Following the death of the former tavern owner Joseph Howell in 1821, Ezra Shamp and wife Rebecca sold the tavern lot at Howell’s Ferry to John Bake (Deed 33-354). This conveyance is said to have been in trust for the heirs of Joseph Howell dec’d, but the deed made no mention of that. The Shamps were still living in that vicinity when they were counted in the 1830 Amwell Township census. It is quite possible that John Bake did not run the tavern himself, but left it to the Shamps to continue as they had. However, Ezra Shamp owned property in Brookville and is more likely to have stayed there.
I do not know enough about Ezra Shamp, and I am not the only one. Even genealogist extraordinaire Fred Sisser was unable to connect Shamp with parents or sibings. There is some hint that he had a family connection to Sheriff John Cavanagh, but no proof has been found. I assume he was married when the road was laid out, but do not yet know his first wife’s name. After selling the tavern lot, he married Jerusha Kitchen on Nov. 16, 1816. But she must have died before 1822, when Shamp’s wife was named Rebecca in the deed to John Bake. I have read that she was Rebecca McPherson, daughter of Nathaniel McPherson and Ann Butterfoss, but do not yet have proof of that.
Now things get really interesting. According to the surveyor’s return, after passing Shamp’s tavern, the new roadway was to run
“over lands of Joseph Howell and John Prall Jr. along the Indian or Jacob’s Path four chains (passing over the centre of the Bridge as erected by said Prall) . . . till it intersects the said Road leading from Prall’s and Lambert’s store to Skoonk Town and there to end.”
“Indian or Jacob’s Path” is so tantalizing. What did they mean? “Indian path” makes sense, since we know that Route 523 was one of the earliest roads in Amwell Township. Who was Jacob? He might have been an Indian who lived on or near that section of roadway, one of those remnants of the New Jersey Indians who had mostly departed for Pennsylvania and New York once their land had been sold to the colonists. However, this is the only reference I have ever seen to “Jacob’s Path,” so this idea is no more than speculation.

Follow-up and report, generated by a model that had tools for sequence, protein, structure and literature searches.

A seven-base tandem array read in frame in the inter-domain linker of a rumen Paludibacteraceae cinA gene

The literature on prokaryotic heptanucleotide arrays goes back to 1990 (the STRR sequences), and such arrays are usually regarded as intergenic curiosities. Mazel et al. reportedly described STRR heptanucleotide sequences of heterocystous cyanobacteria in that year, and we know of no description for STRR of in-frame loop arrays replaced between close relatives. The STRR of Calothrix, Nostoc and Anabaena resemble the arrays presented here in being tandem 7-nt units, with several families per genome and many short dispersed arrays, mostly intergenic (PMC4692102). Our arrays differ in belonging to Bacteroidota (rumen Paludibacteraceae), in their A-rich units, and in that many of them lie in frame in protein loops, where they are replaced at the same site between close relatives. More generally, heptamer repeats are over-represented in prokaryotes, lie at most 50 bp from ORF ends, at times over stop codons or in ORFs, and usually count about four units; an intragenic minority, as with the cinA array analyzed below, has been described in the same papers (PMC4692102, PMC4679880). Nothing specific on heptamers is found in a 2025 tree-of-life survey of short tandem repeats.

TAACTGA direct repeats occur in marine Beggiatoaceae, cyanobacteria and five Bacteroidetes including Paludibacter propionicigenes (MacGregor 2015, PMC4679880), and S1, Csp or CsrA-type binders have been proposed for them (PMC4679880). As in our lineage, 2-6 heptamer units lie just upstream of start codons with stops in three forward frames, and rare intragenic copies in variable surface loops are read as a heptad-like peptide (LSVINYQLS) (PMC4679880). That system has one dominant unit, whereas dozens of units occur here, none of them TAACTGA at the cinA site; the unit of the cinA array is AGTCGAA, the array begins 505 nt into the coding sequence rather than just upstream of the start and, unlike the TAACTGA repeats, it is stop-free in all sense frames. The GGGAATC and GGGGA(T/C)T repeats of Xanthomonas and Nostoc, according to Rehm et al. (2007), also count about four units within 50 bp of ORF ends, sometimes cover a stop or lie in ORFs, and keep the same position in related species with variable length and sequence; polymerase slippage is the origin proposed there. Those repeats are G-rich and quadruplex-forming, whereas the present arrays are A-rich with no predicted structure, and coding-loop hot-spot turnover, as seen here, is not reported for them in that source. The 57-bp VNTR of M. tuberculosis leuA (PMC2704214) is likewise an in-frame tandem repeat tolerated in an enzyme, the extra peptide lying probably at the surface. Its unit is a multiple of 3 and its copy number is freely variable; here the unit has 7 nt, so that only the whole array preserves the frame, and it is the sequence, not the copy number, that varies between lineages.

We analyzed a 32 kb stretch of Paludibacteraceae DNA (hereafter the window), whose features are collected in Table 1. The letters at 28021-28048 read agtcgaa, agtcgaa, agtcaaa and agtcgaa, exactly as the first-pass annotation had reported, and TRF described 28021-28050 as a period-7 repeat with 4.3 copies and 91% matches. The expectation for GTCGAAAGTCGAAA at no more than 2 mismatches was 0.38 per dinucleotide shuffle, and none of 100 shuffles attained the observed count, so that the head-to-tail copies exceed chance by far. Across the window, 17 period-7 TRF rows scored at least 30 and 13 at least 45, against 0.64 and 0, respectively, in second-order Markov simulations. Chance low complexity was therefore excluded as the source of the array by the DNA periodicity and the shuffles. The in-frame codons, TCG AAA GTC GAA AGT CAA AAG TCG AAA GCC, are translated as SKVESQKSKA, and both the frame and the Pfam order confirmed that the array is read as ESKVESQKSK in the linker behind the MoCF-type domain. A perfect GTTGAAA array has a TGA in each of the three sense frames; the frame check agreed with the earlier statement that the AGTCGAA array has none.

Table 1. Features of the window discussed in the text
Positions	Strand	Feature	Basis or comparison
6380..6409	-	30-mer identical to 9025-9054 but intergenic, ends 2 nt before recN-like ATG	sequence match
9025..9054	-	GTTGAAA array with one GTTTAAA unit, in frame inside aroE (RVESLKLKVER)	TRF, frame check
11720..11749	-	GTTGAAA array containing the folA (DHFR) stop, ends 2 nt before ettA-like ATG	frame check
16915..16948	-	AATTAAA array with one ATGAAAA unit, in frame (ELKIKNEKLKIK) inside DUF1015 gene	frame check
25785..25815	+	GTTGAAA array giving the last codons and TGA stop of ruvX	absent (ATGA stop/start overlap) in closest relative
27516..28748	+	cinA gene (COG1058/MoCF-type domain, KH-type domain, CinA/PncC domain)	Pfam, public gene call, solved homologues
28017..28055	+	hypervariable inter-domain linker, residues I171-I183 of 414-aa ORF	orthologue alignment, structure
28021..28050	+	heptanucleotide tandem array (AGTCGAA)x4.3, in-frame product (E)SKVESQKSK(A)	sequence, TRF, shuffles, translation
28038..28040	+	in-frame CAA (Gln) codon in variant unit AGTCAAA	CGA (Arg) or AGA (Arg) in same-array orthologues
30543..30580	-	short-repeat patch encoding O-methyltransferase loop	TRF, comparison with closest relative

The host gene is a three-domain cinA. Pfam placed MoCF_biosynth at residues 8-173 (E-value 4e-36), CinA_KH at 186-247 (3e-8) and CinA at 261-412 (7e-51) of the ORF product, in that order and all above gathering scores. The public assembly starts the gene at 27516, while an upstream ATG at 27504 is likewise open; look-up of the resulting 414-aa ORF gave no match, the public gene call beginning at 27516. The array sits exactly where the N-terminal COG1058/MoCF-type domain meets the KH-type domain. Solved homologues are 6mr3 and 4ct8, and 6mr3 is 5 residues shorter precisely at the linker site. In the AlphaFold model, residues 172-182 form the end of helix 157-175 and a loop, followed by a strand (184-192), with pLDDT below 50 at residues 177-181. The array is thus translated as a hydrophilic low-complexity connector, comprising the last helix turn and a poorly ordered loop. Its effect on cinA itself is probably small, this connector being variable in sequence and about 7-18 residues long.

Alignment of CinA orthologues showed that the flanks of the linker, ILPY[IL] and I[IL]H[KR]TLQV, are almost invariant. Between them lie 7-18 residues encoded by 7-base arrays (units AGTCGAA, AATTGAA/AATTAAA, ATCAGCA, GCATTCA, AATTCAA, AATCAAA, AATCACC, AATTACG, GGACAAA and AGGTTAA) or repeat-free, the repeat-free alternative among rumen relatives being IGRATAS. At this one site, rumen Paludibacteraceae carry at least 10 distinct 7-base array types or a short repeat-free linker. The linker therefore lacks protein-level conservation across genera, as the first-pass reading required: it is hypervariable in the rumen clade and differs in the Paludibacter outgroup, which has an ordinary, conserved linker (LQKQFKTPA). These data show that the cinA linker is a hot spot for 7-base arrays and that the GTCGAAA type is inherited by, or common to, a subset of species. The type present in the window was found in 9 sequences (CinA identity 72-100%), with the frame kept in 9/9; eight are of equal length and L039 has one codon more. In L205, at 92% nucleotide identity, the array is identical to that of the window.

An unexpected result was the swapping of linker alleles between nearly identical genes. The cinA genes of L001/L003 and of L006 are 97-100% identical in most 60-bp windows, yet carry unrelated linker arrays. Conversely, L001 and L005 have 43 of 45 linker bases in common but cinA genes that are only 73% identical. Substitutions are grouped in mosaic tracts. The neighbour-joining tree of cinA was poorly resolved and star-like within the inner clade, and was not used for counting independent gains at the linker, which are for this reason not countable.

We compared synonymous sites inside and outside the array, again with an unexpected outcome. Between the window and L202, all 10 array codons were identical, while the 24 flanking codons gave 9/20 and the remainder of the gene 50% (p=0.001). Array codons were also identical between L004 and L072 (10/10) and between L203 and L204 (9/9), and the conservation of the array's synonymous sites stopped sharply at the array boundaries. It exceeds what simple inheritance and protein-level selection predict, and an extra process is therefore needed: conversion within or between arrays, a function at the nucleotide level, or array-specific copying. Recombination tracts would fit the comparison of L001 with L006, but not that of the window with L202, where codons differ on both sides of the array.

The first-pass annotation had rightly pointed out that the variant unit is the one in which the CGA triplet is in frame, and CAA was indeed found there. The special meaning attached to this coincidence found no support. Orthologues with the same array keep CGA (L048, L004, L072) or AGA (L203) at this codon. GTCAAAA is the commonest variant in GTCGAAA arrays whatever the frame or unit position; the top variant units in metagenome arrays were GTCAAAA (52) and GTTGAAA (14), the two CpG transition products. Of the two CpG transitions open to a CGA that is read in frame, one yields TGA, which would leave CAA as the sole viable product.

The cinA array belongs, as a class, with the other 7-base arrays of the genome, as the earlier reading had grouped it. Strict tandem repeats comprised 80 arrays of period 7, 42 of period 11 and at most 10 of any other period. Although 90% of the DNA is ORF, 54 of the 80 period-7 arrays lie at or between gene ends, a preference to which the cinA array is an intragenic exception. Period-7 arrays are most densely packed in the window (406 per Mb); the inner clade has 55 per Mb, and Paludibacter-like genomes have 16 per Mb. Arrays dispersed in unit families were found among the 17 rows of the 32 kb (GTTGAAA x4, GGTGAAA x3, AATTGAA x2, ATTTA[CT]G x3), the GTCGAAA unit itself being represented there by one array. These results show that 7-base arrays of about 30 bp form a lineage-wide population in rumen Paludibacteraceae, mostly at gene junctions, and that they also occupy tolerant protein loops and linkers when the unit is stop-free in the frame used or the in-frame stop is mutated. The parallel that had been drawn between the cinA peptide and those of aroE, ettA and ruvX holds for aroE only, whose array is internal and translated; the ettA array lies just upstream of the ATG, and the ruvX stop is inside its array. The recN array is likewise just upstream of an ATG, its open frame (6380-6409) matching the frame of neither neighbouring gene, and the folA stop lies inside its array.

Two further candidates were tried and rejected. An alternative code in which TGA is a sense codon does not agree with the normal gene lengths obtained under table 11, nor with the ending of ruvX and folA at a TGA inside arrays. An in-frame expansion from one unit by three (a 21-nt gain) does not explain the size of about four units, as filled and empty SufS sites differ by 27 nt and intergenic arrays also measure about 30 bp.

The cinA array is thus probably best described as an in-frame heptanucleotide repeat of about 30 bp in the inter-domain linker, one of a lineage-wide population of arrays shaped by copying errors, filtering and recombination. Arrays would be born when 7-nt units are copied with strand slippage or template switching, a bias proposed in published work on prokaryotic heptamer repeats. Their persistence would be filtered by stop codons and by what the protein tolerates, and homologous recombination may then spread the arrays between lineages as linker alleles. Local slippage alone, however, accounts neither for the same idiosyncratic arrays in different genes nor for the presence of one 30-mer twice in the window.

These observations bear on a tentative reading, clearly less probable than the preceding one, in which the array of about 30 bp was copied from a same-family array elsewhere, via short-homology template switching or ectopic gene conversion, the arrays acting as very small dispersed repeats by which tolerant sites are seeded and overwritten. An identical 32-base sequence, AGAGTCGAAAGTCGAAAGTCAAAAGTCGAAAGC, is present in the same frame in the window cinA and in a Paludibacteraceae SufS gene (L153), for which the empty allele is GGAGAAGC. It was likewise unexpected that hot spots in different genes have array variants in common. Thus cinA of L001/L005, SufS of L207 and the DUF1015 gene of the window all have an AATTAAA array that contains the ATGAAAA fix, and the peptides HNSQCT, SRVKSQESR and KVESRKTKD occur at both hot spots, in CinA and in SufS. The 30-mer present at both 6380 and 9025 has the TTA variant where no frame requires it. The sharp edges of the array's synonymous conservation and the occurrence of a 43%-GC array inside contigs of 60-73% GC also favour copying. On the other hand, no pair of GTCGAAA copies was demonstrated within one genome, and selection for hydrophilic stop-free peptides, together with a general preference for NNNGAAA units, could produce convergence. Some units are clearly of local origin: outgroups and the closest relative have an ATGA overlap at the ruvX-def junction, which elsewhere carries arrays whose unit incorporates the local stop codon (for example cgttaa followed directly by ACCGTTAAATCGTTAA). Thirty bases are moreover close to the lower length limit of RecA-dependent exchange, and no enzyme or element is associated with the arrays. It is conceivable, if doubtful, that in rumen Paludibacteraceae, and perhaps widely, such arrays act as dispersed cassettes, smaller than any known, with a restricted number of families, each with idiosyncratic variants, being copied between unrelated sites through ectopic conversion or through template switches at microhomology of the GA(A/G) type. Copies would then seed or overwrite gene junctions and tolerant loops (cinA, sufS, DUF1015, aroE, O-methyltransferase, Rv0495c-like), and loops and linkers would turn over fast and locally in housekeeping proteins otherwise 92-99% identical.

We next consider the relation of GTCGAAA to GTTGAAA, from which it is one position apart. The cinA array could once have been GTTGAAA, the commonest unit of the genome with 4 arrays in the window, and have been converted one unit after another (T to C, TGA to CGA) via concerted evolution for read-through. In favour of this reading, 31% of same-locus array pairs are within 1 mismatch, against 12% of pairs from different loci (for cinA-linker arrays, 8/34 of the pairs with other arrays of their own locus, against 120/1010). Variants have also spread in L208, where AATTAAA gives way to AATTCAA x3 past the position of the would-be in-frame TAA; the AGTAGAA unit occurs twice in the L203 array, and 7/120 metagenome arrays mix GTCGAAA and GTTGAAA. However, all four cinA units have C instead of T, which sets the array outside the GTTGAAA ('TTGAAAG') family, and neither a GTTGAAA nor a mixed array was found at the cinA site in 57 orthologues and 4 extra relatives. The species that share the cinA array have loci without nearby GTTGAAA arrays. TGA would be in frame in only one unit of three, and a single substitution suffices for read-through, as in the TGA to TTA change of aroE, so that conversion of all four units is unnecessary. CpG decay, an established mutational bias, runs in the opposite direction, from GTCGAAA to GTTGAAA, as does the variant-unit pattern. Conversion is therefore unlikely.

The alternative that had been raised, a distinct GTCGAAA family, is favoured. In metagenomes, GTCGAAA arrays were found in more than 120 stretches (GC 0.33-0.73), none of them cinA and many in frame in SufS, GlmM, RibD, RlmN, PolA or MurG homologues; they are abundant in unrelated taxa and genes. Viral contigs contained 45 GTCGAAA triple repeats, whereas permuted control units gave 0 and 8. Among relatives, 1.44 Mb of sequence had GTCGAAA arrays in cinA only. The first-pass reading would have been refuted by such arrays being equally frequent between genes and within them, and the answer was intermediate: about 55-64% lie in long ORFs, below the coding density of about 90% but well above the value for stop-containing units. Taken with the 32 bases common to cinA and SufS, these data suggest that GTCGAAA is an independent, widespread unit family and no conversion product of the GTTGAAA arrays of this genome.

Another possibility is that “Jacob” was the grandson of Daniel & Mary Ann Howell, born 1757, to Benjamin and Agnes Howell, and for a time the innkeeper at Skunktown. He and brother Joseph inherited their father’s property when Benjamin Howell died suddenly in 1795, it is said from a rattlesnake bite. In 1797, Jacob Howell released to his brother Joseph his rights in his father’s real estate, excepting the tavern lot for the use of their sister Delilah Howell (per Deed 39-523). And yet, when Jacob Howell wrote his will in 1835, he left to his “niece,” Eliza Ann Scarborough, his home farm, which was the northern part of the original Howell plantation. (Eliza Ann was the daughter of Jacob’s actual niece Mary Howell and Mathias Case. She was the wife of Isaac Scarborough.) So perhaps “Jacob’s Path” was a shortcut that Jacob Howell took to get from the tavern to his home. (Note: I finally got this worked out in my study of Benjamin Howell’s house: The House House, part two.)
On the other hand, the fact that the road was to run along this path suggests that it was an existing alternative route to the old one that was to be vacated. This reinforces the idea of being an Indian path because from their long experience, Indians knew the best way to traverse the land. It is one example of Europeans giving up on their own route in favor of the Indian route. Things usually went the other way, in which an old Indian route was changed to one more suited to property lines or automobiles. Another reason for changing roadways was to avoid a creek that had shifted direction, which may have been part of the reason for changing the roadway in 1813.
John Prall Jr.’s Bridge
Let’s go back to the description of the road:
“. . . over lands of Joseph Howell and John Prall Jr. along the Indian or Jacob’s Path four chains (passing over the centre of the Bridge as erected by said Prall) . . . till it intersects the said Road leading from Pralls and Lamberts store to Sckoonk Town, and there to end.”